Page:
Every child learns about endangered species when they are in school. Which ones do you remember hearing about? The giant panda? What about white rhinos?
There are currently over 26,000 species on the International Union for Conservation of Nature's endangered species list. This means that they are in danger of extinction due to any number of reasons: deforestation, climate change, disease, human impact, and more.
The environmental movement as we know it today is said to have began in the 60s and 70s. Books like Rachel Carson's Silent Spring detailed the dangers of unchecked pesticide use in American farms. People started to worry about an excessive population bleeding the world's resources dry in just just a few lifetimes. Post World War II, there were heavy anti-nuclear sentiments brought on by the fear of radiation and its impact on our health.
The World Wildlife Fund was founded in 1961. Their famous logo is a giant panda, an image that is sure to conjure up thoughts of conservation because for years the giant panda was the figurehead of environmental destruction.
Giant pandas survive entirely on bamboo, so when their habitats in Central China are cut down, they are unable to adapt to any other kind of environment. Slow to reproduce, pandas were unable to sustain their populations without help.
For over 40 years, they were on the endangered list. But in 2016, the IUCN adjusted their status to "vulnerable" as the conservation effort successfully raised their population by 16%.
We can breathe easy for the giant panda, but there are still thousands of species that could be gone in just a few decades- or less.
This shirt was made in the 80s. 30 plus years later, seals are still hanging on, but they are threatened, and the various species of seal range from classification "vulnerable" to completely extinct.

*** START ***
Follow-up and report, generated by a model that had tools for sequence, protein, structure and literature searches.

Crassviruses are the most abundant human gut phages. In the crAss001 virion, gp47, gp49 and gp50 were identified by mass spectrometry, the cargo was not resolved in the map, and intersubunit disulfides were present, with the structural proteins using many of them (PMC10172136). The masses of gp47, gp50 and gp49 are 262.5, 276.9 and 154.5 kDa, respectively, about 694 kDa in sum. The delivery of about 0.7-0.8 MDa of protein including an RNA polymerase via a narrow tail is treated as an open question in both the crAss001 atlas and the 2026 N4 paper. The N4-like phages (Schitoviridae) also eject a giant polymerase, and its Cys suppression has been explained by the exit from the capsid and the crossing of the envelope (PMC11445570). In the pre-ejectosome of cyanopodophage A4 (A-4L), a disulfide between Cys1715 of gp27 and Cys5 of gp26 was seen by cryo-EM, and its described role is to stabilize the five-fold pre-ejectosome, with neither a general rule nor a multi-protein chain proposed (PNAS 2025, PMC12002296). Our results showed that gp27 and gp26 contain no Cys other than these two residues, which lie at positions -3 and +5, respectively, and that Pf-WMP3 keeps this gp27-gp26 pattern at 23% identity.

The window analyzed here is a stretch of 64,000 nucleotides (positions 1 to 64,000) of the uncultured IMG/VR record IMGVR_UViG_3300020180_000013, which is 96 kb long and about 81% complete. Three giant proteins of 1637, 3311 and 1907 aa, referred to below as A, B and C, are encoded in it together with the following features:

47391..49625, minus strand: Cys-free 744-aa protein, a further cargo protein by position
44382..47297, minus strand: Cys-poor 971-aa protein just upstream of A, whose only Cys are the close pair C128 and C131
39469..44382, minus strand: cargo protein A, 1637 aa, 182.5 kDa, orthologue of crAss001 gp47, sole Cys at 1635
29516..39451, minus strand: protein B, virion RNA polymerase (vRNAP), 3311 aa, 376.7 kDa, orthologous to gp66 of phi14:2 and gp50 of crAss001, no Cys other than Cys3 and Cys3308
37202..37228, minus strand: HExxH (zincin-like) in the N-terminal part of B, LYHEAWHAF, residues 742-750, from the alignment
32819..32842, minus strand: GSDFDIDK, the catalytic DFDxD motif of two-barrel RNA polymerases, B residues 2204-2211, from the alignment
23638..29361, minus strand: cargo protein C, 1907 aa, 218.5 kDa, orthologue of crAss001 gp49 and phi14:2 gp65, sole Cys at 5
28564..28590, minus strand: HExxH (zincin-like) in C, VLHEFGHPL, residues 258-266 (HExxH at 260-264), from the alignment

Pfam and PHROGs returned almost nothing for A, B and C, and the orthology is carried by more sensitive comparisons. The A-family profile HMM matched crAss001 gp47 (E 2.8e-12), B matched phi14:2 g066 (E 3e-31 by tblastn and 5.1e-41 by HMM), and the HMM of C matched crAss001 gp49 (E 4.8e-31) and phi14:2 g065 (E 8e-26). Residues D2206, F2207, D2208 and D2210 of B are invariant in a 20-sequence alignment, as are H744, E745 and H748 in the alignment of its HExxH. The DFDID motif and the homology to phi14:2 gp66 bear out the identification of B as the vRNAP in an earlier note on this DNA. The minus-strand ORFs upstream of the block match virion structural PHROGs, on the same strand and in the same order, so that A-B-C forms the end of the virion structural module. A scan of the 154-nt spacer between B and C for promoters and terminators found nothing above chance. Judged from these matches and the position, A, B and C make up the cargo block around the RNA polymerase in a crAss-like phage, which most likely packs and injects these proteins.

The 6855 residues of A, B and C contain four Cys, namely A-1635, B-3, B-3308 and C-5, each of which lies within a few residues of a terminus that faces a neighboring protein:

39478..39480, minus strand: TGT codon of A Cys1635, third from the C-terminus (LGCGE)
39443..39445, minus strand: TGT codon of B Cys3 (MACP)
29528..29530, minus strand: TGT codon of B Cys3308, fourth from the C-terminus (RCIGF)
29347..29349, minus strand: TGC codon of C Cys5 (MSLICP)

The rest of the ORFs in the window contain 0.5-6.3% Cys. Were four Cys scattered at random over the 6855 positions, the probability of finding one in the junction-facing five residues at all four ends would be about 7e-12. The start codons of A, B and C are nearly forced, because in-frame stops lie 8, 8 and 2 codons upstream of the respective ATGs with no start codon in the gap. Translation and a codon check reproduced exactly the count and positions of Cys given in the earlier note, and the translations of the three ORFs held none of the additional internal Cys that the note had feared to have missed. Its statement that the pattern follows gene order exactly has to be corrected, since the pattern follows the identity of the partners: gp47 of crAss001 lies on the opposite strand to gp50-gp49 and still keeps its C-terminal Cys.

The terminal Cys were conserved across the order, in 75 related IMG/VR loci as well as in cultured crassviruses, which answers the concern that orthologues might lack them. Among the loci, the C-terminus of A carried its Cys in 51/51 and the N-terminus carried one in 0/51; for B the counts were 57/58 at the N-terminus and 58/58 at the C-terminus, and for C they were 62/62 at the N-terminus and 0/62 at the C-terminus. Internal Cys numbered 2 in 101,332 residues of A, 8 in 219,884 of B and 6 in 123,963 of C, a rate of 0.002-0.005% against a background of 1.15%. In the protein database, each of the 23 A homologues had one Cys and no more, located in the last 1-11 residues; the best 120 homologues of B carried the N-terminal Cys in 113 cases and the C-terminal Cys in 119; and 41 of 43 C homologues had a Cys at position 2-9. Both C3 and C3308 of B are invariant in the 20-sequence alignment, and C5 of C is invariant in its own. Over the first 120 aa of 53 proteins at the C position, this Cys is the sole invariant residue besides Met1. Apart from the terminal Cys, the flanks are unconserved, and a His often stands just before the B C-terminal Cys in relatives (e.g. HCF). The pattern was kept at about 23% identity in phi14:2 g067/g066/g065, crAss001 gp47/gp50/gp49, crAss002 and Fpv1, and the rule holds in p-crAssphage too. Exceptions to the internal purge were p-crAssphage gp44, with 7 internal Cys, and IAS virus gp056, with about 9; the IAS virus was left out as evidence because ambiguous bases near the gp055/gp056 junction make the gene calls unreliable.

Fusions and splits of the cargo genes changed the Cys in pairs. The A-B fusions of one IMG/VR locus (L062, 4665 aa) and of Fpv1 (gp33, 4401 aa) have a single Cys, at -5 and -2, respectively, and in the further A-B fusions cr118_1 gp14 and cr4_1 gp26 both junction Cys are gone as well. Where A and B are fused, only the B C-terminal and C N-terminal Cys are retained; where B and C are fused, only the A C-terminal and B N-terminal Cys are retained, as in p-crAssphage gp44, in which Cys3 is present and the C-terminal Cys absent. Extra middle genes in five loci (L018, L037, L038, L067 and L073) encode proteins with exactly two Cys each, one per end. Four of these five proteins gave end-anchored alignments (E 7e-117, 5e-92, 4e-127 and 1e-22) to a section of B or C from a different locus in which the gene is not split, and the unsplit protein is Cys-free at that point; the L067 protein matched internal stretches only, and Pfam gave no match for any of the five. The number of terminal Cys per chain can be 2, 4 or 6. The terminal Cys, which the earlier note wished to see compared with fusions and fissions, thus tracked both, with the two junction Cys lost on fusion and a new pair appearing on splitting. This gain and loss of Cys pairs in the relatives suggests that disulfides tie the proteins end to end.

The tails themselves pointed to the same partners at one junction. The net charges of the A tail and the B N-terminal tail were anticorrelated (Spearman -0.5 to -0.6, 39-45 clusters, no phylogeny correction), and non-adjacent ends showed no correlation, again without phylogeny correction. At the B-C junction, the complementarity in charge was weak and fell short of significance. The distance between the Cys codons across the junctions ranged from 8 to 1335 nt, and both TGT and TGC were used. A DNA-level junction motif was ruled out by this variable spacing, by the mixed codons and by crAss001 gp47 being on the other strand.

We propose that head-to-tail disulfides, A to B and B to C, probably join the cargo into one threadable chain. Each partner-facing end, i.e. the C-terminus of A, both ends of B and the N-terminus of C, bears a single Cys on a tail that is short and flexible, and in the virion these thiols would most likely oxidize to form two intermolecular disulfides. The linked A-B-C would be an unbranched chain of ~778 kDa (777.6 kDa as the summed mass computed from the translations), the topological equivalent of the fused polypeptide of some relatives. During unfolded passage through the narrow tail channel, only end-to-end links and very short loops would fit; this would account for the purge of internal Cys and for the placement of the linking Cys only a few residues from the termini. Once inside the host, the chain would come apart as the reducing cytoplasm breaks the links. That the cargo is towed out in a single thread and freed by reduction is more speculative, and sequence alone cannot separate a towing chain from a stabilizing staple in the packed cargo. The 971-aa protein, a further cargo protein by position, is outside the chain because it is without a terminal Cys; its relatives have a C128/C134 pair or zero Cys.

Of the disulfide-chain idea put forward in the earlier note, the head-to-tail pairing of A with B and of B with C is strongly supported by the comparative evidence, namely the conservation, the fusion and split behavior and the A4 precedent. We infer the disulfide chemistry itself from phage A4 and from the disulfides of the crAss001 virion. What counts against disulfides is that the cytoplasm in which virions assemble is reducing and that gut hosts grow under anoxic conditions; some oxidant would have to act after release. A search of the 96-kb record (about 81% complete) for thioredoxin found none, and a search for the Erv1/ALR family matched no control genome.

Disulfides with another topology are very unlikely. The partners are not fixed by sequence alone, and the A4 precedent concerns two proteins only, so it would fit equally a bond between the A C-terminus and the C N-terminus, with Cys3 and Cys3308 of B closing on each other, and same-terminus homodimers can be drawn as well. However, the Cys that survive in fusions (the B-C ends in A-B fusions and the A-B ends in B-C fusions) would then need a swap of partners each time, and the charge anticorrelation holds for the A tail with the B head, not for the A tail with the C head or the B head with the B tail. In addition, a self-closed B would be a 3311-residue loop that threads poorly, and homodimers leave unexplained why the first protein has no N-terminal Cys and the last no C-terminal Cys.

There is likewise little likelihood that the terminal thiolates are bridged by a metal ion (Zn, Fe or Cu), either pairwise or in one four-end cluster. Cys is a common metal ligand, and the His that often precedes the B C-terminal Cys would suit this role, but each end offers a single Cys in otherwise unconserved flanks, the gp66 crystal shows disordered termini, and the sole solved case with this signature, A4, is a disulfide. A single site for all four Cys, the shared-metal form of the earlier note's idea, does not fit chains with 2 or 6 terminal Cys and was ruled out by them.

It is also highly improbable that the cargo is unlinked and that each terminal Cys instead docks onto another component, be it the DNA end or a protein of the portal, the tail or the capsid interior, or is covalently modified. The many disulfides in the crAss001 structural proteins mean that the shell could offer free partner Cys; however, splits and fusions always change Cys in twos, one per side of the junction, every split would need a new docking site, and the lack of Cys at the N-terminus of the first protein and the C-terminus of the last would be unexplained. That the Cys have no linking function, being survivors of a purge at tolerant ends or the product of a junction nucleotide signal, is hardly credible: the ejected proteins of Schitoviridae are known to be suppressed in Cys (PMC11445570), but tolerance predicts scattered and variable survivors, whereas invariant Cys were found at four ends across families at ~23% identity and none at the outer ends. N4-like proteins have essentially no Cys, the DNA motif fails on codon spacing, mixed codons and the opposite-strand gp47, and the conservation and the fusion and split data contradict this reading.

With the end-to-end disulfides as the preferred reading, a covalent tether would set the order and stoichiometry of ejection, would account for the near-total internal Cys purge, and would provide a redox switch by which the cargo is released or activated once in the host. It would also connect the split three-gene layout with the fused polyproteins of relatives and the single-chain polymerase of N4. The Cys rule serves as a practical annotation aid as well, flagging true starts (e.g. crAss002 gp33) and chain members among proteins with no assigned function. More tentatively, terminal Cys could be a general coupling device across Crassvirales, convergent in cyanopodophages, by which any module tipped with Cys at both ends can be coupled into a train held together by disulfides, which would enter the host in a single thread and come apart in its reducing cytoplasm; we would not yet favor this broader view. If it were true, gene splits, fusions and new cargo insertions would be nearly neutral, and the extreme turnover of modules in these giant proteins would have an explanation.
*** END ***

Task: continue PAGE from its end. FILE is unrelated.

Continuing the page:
It feels like a lot, more than could ever be solved by a single person. But there are ways to help the conservation cause and protect all aspects of our environment.
Marine animals like whales and seals are hurt by plastics and other trash that ends up in the ocean. By properly recycling and making sure your trash ends up in trash cans (and not on the ground), you can do your part to preserve the habitats of sea creatures.
Cutting down on your plastic use also helps! Reusable water bottles, coffee cups, and shopping bags allow you to avoid using the plastics that end up in the ocean.
Donate to the environmental conservation organization of your choice, and help them do more to help the planet. In some cases, you can even honorarily "adopt" an animal.
Being classified as endangered is not irreversible. Along with the giant panda, many other species have come back from the brink of extinction, including grizzly bears, white rhinos, and bald eagles! We just have to care as much about them as we do ourselves.